July gardening chores run the gamut. If only July were more predictable in the garden. It doesn't matter how wet the spring was, rain can become very elusive in July. Humidity begins to peak. It's the beginning of the rainy season in Florida. And warmer zones are actually passing out of prime growing conditions into the lethargy of the dog days.
So there's no definitive list of gardening chores for the July garden. Gardeners just have to play it by ear. Most importantly, keep a close eye on pests and disease, then sit back and enjoy your garden and all the efforts you put in earlier in the year to get it where it is now.
July Gardening Chores for All Hardiness Zones
■ Slow down and give you and your plants a rest from the heat. It can be very stressful growing and setting flower buds for several months, let alone doing it in heat.
■ Give plants a mid-season feeding or side dressing of compost, to get them through to the fall.
■ Keep tabs on rainfall and water as needed. Most plants need at lest an inch of water per week, more if the weather is very hot and dry. Remember to water deeply.
■ Stay ahead of weeds. Pulling them before they flower could save you from thousands of new weeds.
■ Replace mulch as needed. It naturally decomposes and may need replenishing.
■ Check garden centers for mark downs on remaining plants. Be sure to check that they are healthy and not pot bound or full of weeds.
■ Keep lawns at about 3 inches, to protect from summer heat.
■ Keep bird feeders and baths clean.
Special Care for Ornamental Plants in July
■ Keep up on deadheading. The more you deadhead, the more your flowers will re-bloom.
■ Shear back spent annuals by one-third. The old foliage gets worn out by mid-summer and shearing it back will encourage fresh new growth to fill in.
■ Focus on heat and rain resistant flowers like: coleus, hibiscus, melampodium, pentas, plumbago, portulaca and zinnias.
■ Do a final pinching by mid-July, of fall blooming flowers like mums and asters.
■ Divide Iris.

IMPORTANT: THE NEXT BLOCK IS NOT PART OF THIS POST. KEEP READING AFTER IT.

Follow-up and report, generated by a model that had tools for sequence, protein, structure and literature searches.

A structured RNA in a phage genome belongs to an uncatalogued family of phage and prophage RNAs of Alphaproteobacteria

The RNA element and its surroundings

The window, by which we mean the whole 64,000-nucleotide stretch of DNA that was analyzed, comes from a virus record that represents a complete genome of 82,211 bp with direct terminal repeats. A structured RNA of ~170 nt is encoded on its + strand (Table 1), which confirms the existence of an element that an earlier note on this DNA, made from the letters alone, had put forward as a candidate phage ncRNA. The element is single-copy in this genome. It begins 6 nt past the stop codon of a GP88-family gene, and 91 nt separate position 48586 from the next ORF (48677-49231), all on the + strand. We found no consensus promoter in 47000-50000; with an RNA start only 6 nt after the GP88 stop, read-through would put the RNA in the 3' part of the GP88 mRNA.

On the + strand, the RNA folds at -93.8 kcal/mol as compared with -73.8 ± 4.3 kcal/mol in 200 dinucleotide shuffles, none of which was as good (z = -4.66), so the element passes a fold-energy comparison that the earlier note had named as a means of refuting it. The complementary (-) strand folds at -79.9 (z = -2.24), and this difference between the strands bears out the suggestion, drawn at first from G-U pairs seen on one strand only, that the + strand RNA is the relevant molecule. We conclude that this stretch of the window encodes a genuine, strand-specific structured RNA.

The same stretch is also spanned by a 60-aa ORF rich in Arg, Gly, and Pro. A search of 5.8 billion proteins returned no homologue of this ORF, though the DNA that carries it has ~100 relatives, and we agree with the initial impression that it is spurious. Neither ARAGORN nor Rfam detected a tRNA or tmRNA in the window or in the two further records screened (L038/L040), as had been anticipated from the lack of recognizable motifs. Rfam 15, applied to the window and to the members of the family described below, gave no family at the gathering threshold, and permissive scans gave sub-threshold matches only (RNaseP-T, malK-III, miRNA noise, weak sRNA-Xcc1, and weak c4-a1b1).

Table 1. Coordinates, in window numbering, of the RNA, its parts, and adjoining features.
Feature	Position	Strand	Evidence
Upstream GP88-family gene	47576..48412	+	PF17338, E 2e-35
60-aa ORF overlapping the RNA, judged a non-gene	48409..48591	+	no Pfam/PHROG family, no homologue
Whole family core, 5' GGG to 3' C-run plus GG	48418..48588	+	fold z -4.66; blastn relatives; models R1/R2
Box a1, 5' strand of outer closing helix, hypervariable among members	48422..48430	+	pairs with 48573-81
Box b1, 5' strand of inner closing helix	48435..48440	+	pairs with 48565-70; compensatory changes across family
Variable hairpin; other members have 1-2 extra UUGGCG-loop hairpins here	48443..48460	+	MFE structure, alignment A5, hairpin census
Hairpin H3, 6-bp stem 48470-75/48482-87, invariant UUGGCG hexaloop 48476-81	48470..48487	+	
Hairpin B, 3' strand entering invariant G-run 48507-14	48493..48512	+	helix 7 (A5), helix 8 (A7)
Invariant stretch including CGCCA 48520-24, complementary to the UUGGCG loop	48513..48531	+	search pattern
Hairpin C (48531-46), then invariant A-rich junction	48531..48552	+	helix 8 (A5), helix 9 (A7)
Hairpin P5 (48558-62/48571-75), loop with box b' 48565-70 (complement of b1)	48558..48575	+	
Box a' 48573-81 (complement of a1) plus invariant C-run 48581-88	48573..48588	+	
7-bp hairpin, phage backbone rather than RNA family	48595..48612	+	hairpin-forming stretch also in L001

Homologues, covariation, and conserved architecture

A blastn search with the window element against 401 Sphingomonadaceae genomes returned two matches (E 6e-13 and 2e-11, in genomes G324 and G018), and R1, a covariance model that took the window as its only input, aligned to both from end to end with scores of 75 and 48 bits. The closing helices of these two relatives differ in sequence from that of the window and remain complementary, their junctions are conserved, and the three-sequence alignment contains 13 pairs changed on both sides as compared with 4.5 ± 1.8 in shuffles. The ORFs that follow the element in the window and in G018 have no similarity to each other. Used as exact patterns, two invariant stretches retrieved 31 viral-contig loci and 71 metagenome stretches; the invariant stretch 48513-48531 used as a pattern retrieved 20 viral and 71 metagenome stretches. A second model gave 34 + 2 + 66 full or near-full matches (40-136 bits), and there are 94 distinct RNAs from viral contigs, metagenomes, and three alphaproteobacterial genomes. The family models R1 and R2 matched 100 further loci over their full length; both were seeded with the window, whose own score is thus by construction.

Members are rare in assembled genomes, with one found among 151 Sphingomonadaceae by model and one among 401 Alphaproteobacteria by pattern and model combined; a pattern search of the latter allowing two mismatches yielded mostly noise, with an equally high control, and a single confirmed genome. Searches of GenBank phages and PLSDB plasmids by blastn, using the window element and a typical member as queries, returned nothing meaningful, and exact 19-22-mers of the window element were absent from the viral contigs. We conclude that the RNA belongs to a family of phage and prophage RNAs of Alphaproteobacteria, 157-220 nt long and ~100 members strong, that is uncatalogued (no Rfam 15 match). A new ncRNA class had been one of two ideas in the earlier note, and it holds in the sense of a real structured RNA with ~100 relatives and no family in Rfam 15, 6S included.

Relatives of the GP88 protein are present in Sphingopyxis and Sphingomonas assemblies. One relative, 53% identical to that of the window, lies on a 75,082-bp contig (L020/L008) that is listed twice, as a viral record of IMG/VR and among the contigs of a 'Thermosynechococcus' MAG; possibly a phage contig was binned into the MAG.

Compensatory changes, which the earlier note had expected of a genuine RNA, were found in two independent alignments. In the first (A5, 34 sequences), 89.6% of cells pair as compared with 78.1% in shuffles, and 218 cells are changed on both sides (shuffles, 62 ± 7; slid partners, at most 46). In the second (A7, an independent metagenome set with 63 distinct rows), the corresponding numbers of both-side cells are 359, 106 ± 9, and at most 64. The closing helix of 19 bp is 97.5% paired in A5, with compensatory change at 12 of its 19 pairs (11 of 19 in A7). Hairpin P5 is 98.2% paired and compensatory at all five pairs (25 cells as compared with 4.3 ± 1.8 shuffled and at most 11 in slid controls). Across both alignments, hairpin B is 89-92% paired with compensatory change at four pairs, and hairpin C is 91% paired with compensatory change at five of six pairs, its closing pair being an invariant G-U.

Vegetable Garden Maintenance in July
■ Harvest daily. Some vegetables, like zucchini and cabbages, can mature in the blink of an eye. Don't let them get tough or split open.
■ Find a Plant a Row for the Hungry program to donate your surplus vegetables to.
■ Succession plant bush beans and lettuce, to replace fading plants.
■ Start fall crops of peas and cole crops. Keep them well watered, until temperatures cool down.
■ Time to dig the garlic, onions and early season potatoes. Onion tops will fall over when they are ready to harvest. Garlic and potato plants will start to decline as they mature underground. Dig a few to test.
■ If your potatoes are not quite ready to harvest, treat yourself to some new potatoes. Carefully loosen the soil under your plants to find a few small potatoes to harvest.
■ Plant a cover crop in bare spots in the vegetable garden. It will feed the soil and keep weeds from moving in.
July Fruit Care
■ Check your berry bushes regularly to harvest before the birds get them. Birds will start munching on berries such as raspberries and blackberries even before they are fully ripe.
■ Clean up fallen fruits under trees. Rotting fruits are an invitation for diseases, insects, and foraging animals.
■ Check fruit trees for water sprouts (branches growing straight up from limbs) and remove them while they are small. They will only draw energy from the fruiting branches of the trees.
July Tree and Shrub Care
■ Prune summer flowering shrubs as soon as the blossoms fade. The plants will look better and they can store their energy rather than spend it developing seed.
■ Hold off on planting until the fall. It is too hot and dry in July for most plants to handle the stress of transplanting. The exception is potted plants that are struggling in their containers. If you must transplant, keep them well watered.
Pests to Watch For in July
■ Thrips (distorted flowers)
■ Spider mites (undersides of leaves)
■ Tomato fruitworm
■ Tomato horn worm
■ Chinch bugs in lawns
■ Japanese beetles.
July Gardening in Warmer Areas (USDA Zones 8 and Above)
■ It can be too hot to grow vegetables this month in many areas. If that's the case, consider planting a quick cover crop, to feed the soil.
■ Your prime gardening season is coming up, especially in the vegetable garden. It time to start planning your fall garden.
■ Start seeds of heat loving vegetables like tomatoes, peppers, okra, eggplant, and cucumbers
■ It is still a good time of year to plant container grown citrus trees and tropical fruits.
■ Succession sow sunflowers (every 2 - 3 weeks) for a steady supply
till next time this is Becky Litterer, Becky's Greenhouse, Dougherty Iowa firstname.lastname@example.org